A couple of months ago a tearful client explained that she’d had to go into the hospital for a MRSA infection. And now that her physician had demanded she remove all pets from her household, her husband and teenaged son had refused to live in the same house until she complied with the order––which, of course, she didn’t do. (Would you?)


Because of the limited data available on MRSA transmission between humans and household animals (we definitely know it’s possible), it's been my experience that many physicians treating MRSA infection patients have taken to recommending the “no pets” thing.


Apparently, plenty of veternarians have been hearing the same thing. According to a study in the latest issue of JAVMA (Journal of the American Veterinary Medical Association),


“...the authors have dealt with many situations in which it has been recommended that pets be removed from the household or euthanatized, even without verification of concurrent colonization, let alone the identification of pets as the source of infection.”


Consequently, the veterinary community has taken on the task: Figure out who’s giving MRSA to whom and what the real risk of transmission might be. Because while it’s the physician’s role to be cautious and suspicious of pets, it’s veterinary medicine’s job to preserve the human-animal bond––not to mention the health of our patients––by sussing out the truth of the matter.


Not that physicians always listen to their veterinary counterparts. (Consider the case of toxoplasmosis, for which some OB/Gyns continue to urge prevention during pregnancy through household cat eradication.) But if we don’t arm ourselves with solid research on the subject, more pet owners may suffer the unnecessary loss of their pets.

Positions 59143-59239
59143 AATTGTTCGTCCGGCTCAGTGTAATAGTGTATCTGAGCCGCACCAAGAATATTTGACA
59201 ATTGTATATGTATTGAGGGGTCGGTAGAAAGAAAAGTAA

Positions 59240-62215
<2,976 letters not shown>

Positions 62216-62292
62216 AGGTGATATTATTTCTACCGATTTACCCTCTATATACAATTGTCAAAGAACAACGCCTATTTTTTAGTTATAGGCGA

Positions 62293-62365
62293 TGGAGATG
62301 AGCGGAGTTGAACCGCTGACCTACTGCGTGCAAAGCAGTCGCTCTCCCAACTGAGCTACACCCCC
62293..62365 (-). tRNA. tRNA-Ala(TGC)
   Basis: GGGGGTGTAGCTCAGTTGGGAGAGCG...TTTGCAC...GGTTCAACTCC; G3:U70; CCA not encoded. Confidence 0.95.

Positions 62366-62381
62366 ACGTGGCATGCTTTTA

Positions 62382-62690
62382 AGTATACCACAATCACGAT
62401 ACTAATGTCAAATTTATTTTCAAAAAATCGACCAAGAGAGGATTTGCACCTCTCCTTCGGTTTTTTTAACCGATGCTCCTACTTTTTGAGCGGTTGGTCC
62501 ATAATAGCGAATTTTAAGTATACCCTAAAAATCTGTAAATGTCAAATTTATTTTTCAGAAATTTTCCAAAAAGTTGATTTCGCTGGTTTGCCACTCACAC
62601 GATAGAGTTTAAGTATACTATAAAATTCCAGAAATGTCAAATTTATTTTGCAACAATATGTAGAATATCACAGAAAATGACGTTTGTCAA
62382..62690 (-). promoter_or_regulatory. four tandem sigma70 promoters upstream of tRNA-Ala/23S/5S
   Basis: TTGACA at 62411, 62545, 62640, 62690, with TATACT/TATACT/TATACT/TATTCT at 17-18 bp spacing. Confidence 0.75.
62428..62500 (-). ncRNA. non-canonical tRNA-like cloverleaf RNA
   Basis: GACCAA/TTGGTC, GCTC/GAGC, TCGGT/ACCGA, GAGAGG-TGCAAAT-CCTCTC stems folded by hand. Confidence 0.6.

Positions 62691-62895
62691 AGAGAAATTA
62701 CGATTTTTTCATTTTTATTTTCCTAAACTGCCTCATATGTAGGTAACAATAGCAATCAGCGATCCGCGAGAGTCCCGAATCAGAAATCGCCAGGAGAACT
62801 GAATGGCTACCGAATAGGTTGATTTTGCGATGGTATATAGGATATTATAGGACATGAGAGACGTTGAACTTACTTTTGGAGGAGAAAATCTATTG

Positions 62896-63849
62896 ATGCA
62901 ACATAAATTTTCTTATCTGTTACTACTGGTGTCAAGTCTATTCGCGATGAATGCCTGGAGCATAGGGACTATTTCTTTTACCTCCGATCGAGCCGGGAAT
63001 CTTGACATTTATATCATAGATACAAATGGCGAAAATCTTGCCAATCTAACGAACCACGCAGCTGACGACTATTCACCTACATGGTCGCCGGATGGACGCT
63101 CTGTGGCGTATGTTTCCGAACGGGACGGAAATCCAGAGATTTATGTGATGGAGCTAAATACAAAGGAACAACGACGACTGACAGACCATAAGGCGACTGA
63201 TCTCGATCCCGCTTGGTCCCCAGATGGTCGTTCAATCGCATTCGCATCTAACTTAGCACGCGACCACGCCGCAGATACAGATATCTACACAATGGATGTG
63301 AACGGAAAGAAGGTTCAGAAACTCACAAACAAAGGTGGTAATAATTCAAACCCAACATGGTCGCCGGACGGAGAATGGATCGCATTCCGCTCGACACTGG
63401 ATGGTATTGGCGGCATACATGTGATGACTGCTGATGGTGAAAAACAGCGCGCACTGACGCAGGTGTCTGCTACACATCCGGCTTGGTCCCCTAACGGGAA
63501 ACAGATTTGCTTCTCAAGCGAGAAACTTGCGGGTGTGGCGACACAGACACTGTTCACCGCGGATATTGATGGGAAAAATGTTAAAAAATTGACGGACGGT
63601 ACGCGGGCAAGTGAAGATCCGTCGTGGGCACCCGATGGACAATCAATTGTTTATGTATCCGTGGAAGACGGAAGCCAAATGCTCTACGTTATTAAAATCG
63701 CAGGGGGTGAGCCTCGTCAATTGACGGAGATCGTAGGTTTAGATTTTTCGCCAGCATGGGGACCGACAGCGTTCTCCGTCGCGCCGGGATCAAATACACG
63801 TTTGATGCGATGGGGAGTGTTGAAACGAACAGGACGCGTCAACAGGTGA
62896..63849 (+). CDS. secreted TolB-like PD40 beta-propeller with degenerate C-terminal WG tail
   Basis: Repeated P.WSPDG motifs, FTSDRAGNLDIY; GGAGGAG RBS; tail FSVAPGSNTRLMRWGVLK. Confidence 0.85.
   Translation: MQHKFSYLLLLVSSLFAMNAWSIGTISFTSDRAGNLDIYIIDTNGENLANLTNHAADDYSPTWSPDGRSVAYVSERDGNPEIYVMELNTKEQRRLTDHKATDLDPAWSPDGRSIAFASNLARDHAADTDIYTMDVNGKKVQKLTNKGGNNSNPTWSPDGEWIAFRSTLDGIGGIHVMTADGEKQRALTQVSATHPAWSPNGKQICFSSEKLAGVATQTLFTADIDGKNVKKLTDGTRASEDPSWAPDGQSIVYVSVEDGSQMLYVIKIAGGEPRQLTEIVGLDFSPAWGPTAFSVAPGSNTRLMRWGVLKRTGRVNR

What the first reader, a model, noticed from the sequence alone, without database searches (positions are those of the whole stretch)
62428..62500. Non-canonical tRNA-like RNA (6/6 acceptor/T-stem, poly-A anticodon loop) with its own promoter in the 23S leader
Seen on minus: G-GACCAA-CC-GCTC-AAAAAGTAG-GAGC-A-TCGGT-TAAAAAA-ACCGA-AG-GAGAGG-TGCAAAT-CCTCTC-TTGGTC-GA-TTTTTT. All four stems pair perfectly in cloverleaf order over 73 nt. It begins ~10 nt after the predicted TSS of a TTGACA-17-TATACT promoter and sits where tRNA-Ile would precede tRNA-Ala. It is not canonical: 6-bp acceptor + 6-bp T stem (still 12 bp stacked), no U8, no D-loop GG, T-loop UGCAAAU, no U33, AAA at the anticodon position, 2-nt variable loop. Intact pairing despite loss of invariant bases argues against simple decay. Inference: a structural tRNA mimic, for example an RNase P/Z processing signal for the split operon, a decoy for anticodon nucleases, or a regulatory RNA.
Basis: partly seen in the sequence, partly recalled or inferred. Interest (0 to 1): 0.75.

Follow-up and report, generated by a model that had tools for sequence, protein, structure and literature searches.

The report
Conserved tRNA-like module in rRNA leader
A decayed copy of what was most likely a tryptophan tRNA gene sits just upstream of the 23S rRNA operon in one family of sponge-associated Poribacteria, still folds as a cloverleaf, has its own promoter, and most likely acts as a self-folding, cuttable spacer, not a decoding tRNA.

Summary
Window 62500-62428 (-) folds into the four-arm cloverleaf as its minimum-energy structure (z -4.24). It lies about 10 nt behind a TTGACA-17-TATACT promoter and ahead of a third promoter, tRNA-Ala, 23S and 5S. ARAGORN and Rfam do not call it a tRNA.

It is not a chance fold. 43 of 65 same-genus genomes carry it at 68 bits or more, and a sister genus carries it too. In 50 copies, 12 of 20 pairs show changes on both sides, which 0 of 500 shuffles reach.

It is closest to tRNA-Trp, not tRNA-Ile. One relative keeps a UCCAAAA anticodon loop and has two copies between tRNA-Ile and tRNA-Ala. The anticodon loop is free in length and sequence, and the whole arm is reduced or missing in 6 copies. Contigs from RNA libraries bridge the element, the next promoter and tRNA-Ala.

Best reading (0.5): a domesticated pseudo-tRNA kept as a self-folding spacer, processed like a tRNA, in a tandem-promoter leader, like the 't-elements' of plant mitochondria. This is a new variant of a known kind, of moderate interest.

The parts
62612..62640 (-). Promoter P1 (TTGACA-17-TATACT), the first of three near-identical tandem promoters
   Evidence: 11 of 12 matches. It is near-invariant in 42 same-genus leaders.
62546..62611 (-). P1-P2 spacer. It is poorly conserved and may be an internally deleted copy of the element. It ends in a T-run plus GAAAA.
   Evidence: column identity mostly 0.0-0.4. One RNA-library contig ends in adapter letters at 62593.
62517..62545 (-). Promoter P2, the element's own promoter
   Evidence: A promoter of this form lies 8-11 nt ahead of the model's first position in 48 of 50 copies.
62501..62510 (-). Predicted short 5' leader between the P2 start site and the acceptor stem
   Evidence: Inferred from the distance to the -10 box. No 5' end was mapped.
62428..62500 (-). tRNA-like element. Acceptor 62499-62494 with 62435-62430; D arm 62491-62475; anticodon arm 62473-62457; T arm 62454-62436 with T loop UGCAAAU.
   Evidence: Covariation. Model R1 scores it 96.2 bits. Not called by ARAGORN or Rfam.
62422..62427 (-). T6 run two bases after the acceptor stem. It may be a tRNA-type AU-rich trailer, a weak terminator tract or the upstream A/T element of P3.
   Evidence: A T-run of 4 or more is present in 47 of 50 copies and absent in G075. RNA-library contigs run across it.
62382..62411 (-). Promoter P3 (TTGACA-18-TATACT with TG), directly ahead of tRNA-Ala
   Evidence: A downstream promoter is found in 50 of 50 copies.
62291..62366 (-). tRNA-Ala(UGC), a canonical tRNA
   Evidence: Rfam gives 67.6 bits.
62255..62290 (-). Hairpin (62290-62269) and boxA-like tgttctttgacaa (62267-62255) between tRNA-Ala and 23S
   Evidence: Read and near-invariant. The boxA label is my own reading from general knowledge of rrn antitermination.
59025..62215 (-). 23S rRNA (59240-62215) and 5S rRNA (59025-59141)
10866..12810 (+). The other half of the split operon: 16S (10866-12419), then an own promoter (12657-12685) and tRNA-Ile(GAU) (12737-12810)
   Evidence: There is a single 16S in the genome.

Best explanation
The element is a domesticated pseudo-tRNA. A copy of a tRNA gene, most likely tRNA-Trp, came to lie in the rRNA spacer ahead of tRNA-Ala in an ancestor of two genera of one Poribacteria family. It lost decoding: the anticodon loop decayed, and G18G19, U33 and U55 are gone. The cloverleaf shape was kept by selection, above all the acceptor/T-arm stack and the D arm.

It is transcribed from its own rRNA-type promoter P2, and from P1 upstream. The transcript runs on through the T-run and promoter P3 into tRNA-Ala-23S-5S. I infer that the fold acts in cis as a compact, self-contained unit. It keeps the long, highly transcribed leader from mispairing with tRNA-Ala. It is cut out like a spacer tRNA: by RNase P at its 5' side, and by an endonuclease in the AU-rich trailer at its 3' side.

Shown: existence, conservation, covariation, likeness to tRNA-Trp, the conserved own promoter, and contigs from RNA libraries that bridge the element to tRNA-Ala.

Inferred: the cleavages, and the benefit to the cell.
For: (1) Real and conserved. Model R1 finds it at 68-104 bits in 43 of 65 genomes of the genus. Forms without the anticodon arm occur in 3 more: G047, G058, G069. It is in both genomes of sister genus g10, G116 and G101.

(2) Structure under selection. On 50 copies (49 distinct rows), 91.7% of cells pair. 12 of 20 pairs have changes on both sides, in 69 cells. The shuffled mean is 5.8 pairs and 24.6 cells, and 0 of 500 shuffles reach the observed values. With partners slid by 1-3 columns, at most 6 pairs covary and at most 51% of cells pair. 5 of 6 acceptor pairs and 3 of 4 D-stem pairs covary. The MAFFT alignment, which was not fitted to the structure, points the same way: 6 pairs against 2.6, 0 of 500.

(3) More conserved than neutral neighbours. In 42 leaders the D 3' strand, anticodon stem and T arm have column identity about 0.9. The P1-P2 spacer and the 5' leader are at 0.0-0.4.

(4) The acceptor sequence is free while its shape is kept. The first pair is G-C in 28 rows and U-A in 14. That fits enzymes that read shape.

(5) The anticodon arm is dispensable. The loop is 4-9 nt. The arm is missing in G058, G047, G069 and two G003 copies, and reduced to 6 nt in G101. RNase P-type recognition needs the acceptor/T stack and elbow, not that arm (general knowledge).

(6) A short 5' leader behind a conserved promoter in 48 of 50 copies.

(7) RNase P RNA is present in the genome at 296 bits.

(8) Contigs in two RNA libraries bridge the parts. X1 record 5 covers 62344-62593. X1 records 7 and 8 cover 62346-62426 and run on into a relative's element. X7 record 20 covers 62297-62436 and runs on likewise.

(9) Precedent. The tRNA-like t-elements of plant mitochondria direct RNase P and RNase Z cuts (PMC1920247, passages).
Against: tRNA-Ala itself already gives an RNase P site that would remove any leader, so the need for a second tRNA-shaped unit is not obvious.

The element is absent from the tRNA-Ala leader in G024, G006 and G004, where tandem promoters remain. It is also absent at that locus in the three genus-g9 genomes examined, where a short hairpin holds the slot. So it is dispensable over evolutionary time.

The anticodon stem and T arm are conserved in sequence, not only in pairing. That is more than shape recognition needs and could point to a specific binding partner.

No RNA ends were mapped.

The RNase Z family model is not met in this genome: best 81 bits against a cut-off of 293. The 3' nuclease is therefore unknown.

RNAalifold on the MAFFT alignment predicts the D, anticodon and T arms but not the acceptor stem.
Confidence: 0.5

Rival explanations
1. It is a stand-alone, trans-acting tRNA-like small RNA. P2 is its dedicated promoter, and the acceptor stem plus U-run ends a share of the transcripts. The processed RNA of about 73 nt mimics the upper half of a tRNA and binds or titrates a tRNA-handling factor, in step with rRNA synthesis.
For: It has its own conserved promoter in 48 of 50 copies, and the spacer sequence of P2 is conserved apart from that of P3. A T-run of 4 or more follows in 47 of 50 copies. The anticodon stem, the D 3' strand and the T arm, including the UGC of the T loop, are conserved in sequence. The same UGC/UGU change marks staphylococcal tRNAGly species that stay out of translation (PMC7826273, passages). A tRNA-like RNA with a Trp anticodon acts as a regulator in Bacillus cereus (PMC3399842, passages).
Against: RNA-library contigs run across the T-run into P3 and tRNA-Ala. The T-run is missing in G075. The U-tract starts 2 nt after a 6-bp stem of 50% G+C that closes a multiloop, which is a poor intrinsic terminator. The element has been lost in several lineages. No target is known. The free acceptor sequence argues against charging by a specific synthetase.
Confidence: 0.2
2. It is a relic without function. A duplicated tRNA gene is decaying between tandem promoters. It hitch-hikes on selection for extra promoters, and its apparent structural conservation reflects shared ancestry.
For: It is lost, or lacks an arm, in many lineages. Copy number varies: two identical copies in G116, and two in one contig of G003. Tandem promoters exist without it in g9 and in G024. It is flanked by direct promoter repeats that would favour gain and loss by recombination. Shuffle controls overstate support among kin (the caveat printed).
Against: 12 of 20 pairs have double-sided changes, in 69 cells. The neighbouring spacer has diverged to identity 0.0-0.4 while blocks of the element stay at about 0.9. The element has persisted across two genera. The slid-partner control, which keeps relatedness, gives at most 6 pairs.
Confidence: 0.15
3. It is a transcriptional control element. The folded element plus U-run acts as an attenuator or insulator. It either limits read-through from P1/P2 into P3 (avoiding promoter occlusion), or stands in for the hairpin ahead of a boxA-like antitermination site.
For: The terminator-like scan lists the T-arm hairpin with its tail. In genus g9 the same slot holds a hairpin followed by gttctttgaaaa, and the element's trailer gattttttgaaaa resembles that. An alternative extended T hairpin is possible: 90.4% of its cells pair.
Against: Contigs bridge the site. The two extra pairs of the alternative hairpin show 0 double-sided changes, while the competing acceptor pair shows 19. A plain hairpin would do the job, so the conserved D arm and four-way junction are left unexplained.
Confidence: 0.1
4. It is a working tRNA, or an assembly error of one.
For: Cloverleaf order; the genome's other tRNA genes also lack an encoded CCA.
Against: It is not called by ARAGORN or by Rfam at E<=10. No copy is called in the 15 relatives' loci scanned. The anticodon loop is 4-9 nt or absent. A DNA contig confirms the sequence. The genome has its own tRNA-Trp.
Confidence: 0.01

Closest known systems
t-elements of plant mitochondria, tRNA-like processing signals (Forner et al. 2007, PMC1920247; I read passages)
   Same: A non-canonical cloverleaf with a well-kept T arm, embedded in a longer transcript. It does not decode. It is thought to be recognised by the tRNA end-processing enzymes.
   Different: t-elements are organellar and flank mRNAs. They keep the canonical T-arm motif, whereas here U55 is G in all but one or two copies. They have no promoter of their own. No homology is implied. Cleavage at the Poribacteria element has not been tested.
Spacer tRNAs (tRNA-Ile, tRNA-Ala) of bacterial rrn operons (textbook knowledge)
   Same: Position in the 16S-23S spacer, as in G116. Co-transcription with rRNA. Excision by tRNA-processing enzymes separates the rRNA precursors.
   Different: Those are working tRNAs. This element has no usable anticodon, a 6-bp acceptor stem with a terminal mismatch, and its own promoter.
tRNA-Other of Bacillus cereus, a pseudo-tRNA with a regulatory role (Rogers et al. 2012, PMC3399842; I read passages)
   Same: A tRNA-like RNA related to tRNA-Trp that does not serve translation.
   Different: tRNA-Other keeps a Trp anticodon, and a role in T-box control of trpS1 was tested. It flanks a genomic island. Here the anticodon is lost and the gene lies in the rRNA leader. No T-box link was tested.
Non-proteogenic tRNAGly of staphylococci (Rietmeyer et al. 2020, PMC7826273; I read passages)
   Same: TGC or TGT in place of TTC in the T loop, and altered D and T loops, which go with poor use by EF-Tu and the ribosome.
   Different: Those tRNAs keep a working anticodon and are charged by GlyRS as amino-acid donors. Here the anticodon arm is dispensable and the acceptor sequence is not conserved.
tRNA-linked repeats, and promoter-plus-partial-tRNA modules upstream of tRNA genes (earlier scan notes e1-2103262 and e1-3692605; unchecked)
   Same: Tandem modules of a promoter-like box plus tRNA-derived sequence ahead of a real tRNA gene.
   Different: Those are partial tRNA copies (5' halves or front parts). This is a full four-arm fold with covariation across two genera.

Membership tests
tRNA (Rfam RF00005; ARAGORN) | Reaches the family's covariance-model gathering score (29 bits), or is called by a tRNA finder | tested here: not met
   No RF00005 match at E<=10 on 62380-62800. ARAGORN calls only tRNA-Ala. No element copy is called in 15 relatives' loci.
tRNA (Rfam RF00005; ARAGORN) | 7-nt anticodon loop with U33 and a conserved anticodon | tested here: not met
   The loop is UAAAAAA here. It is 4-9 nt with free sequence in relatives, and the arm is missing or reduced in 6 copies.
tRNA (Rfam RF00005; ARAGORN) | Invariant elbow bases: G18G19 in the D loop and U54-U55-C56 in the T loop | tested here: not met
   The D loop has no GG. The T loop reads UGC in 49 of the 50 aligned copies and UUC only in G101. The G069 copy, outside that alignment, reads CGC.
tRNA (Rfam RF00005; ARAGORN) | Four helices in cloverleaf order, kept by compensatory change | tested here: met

Indeed, the veterinary community has begun to unravel the mystery with some initial forays into the assessment of transmissibility of MRSA between humans and animals.


The results?


In this current JAVMA study, the high prevalence of identical strains of MRSA among both humans and pets in MRSA-infected households indicated that transmission was likely occurring. But here’s an interesting catch:


“...it is likely that humans were the ultimate source of MRSA in most households because most pets have limited contact with other animals.”


Yes, humans appear more likely to be the initiators of transmission. Which only makes sense given our heavy interaction with a variety of humans and with places and situations that might easily prove infectious. Our pets? Not so much.


Sure, more study is needed. But it appears that most of it will be geared towards determining the direction of transmission and to figuring out what it is we need to do to protect our pets from the wrath of our own greeblies...and not the other way around.



In today's DailyVet over on PetMD: "Ectropion and entropion in dogs and its animal welfare issues."



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